Earlier in the summer I began talking about my thoughts on "inspiration overload," especially as inspiration has, as I see it, began to replace the influence of information.
I was rushing home from work today, thinking about how so often we're actually inspired by what is near us, what see, experience, or at least have some sense of context regarding. I imagine if you live near the Utah area were the mine recently collapsed, that event effects you more than if you live in Australia. Or the thought of starving children in Africa means much more to you if you went on a church trip and saw the starvation and hardships young African children in Ethiopia are experiencing. Or if you know someone who has died of cancer, campaigns and fundraisers to raise funds for cancer research mean more to you.
Proximity and context begin to share what we care about, and I believe as we become over inspired, an image of a starving child I can feed for less than the cost of a cup of coffee a day will only effect me for a moment of sorrow, and probably not long enough to pick up the phone. The power of images become limited. Instead, if I see in person, or have some sort of proximity experience, then it will hit close to home and call me to action.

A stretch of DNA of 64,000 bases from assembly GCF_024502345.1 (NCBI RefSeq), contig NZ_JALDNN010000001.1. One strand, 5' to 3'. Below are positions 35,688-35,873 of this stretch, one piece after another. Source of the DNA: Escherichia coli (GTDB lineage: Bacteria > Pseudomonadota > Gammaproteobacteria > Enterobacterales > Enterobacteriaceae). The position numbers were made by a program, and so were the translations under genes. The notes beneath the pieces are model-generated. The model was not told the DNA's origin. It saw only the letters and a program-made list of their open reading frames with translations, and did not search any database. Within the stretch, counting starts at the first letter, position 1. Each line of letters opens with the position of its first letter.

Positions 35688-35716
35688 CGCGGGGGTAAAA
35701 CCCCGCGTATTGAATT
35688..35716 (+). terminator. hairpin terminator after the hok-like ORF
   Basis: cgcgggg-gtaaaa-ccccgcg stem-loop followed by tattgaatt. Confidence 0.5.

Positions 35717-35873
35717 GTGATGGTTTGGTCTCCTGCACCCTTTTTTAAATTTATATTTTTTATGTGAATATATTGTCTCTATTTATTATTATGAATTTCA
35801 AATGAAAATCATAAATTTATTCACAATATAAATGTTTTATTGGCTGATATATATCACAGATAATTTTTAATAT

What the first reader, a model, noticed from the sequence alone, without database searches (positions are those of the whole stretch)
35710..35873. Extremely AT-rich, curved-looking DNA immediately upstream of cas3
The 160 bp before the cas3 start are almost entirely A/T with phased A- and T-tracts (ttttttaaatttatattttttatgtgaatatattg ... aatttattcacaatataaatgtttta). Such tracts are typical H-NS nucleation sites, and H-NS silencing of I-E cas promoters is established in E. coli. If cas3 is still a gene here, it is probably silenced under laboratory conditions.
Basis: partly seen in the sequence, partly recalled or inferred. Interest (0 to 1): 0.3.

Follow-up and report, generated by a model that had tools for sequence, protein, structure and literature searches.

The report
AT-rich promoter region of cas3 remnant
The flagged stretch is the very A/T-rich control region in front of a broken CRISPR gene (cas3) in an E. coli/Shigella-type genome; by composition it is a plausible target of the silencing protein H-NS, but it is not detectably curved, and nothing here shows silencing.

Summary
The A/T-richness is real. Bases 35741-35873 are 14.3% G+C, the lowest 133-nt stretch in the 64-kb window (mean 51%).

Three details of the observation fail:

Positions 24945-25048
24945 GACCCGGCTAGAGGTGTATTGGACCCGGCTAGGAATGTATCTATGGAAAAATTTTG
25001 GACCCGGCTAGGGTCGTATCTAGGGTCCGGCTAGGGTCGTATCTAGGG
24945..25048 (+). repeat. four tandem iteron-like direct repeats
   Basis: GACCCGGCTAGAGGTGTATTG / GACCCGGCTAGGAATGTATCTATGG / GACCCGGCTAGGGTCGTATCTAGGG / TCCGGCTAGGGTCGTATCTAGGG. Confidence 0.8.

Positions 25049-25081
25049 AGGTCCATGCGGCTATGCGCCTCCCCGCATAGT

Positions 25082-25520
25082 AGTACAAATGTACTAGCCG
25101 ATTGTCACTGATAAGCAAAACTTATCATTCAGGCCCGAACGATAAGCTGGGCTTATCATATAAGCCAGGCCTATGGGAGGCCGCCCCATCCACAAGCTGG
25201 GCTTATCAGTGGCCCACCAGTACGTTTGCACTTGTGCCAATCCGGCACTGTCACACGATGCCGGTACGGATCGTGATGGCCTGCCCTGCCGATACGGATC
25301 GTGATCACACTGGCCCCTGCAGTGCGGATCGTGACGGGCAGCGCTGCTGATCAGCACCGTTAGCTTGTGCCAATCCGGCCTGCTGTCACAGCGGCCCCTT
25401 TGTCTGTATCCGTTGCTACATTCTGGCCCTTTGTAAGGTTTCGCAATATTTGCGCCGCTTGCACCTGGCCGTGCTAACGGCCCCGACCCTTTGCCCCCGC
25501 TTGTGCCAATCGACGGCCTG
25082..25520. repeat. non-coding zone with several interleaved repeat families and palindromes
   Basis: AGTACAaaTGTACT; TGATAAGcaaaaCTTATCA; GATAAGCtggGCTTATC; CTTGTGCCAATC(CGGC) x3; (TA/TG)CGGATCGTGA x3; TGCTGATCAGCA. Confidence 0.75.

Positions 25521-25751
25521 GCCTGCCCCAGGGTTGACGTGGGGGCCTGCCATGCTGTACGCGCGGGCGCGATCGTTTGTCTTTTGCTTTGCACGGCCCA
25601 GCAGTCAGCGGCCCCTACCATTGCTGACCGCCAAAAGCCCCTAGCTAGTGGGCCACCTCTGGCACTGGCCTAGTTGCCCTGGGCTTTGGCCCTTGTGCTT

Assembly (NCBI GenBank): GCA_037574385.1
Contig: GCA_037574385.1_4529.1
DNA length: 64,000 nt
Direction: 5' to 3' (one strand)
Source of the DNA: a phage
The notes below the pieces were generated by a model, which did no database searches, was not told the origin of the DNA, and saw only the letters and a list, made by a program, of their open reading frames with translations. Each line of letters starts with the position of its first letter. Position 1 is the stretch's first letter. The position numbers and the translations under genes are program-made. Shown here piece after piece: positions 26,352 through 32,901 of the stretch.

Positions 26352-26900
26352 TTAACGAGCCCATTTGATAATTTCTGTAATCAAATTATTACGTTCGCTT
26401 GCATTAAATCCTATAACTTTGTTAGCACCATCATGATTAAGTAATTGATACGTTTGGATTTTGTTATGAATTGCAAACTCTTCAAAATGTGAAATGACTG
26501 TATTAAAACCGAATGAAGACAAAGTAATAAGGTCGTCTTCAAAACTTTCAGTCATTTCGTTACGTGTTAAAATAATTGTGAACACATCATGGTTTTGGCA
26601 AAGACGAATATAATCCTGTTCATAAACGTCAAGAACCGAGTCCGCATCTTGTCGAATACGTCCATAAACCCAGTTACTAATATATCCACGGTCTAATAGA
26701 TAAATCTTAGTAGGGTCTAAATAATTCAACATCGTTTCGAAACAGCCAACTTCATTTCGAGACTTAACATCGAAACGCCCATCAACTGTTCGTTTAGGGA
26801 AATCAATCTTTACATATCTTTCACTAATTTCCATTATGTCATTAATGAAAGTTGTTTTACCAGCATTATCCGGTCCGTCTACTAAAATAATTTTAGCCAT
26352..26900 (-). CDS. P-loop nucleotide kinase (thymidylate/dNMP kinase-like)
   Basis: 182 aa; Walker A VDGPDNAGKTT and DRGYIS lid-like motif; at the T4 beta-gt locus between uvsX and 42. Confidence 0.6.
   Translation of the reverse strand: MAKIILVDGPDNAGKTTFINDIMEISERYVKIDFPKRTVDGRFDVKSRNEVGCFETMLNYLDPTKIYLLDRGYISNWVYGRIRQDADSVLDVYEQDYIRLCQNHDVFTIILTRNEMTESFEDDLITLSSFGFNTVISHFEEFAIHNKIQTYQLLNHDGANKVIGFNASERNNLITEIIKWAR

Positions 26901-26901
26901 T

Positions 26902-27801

As I'm having these thoughts I rush out of the grocery store and suddenly hear a loud honking horn, and then a "crunch" sound. There before me, an aisle over I see a young-30 something year old girl has backed up her small SUV into a guy driving a four-door sedan.
In that moment, and as I saw the ladies face I felt so bad for her. It's sad that in a world were forced to buy and pay for expensive car insurance, we can get so bummed out to experience a minor fender bender. No one was hurt, the damage was minimal, but in that moment I (and a few other people around) surely felt the angst over a relatively harmless accident.
I wanted to rush over and write the girl a check for one hundred dollars just to help out with her insurance deductible and rising premiums she'll experience. Oh, I know one hundred dollars could be better served in some other areas, donated to some other causes, but in that moment this was the experience hitting close to home, not the starving child, not the abuse of women in the middle east, not leukemia, or mine workers in Utah.
I didn't write the lady a check, but I wanted to. And even hours later I'm thinking about it.
What causes hit home with you?
Related Tags: inspiration overload, proximity, car accident, context